- Example: Save Haven operates from a welcoming and serene facility located in the heart of Minneapolis, Minnesota. The facility comprises modern counseling rooms, a comfortable waiting area, and administrative offices, creating a safe and supportive environment for individuals seeking mental health services.

  Involves the systematic approach of recruiting, coordinating, and supporting volunteers and staff

        - Example: Safe Haven implements a comprehensive staffing plan that includes recruiting, training, and retaining qualified staff members to ensure the effective delivery of programs and services. Additionally, the organization establishes a volunteer management system to engage and support volunteers in their roles, providing them with meaningful opportunities to contribute to the mission.

5.3. Governance, Financial Management, and Accountability:

 Involves the effective and responsible management of financial resources to support the organization's operations 

        - Example: Safe Haven upholds strong policies and procedures to ensure responsible governance, financial management, and accountability, including clear guidelines for board members, transparent financial reporting, and performance evaluations to continually improve its impact and stakeholder satisfaction.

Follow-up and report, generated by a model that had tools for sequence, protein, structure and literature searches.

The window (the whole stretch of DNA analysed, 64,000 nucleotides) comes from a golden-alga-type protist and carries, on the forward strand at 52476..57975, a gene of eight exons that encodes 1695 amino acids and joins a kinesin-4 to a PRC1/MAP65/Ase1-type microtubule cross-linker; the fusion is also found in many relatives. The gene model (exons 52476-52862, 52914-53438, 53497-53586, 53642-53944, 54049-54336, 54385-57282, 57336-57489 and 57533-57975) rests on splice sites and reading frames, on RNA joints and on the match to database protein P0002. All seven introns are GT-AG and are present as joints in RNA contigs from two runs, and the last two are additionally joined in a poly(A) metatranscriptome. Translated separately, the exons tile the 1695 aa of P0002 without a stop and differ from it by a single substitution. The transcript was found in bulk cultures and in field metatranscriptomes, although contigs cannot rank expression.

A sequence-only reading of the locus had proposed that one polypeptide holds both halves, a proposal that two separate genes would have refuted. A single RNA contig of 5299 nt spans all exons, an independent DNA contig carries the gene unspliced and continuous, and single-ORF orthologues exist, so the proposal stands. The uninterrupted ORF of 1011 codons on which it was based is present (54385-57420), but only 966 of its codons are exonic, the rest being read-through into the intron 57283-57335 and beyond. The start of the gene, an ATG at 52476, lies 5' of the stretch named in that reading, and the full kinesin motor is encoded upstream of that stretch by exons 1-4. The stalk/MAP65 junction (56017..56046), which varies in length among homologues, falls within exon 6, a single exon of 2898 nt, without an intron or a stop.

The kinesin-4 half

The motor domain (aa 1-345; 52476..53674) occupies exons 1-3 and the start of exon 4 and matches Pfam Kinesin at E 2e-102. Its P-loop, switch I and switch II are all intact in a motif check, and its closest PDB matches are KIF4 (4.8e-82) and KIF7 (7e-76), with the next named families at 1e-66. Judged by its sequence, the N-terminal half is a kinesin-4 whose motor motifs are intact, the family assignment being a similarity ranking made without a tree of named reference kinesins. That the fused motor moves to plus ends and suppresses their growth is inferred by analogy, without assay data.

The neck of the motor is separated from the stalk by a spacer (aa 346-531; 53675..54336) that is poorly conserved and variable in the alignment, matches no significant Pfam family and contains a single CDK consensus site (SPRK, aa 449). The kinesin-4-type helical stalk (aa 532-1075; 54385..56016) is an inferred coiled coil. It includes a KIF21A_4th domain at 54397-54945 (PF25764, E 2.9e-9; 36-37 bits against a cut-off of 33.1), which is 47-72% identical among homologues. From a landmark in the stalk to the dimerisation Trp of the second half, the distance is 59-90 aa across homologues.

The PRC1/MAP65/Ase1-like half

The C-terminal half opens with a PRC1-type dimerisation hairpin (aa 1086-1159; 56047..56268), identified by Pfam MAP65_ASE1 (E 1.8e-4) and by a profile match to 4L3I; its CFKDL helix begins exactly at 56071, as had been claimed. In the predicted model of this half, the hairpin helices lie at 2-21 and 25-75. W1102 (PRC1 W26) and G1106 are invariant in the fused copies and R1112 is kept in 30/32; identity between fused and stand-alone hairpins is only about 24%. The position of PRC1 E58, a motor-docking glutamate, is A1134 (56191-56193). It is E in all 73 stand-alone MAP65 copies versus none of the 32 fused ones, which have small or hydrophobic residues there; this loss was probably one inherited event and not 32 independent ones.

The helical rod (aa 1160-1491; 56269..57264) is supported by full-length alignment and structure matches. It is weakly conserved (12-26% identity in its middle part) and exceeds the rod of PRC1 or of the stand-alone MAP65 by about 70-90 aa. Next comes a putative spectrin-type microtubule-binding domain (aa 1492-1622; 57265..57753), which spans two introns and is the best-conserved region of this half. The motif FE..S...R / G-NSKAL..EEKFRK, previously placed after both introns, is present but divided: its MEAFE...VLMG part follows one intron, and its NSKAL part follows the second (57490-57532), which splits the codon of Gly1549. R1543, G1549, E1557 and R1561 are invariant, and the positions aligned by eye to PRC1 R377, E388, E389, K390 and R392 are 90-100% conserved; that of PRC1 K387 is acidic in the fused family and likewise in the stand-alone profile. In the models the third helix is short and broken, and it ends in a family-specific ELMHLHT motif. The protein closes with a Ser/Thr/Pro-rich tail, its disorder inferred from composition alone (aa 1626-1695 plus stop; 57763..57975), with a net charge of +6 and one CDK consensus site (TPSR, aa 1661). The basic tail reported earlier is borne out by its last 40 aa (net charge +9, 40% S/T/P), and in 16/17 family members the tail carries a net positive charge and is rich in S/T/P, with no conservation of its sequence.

example of business plan for non profit organization

  • The team at Safe Haven comprises licensed mental health professionals with extensive experience in trauma-informed care, ensuring high-quality and compassionate support for individuals affected by adverse life experiences.
  • Our board members bring diverse backgrounds in psychology, social work, and public health, offering a comprehensive perspective on addressing mental health disparities and promoting holistic well-being.

All of the unique Non-Profit projections you see here were generated using ProjectionHub’s Non-Profit Financial Projection Template . Use PH20BP to enjoy a 20% discount on the template. 

   6.1. Startup Costs

  Provide a detailed breakdown of the total startup costs requirements, and where you plan for those funds to come from. You will also want to break down how the startup costs will be used including working capital to cover losses before the business breaks even.

        - Example: Save Haven's total startup costs are estimated at $150,000. The organization has raised $125,000 through fundraising and donations, and they are seeking an additional $25,000 to cover the remaining expenses.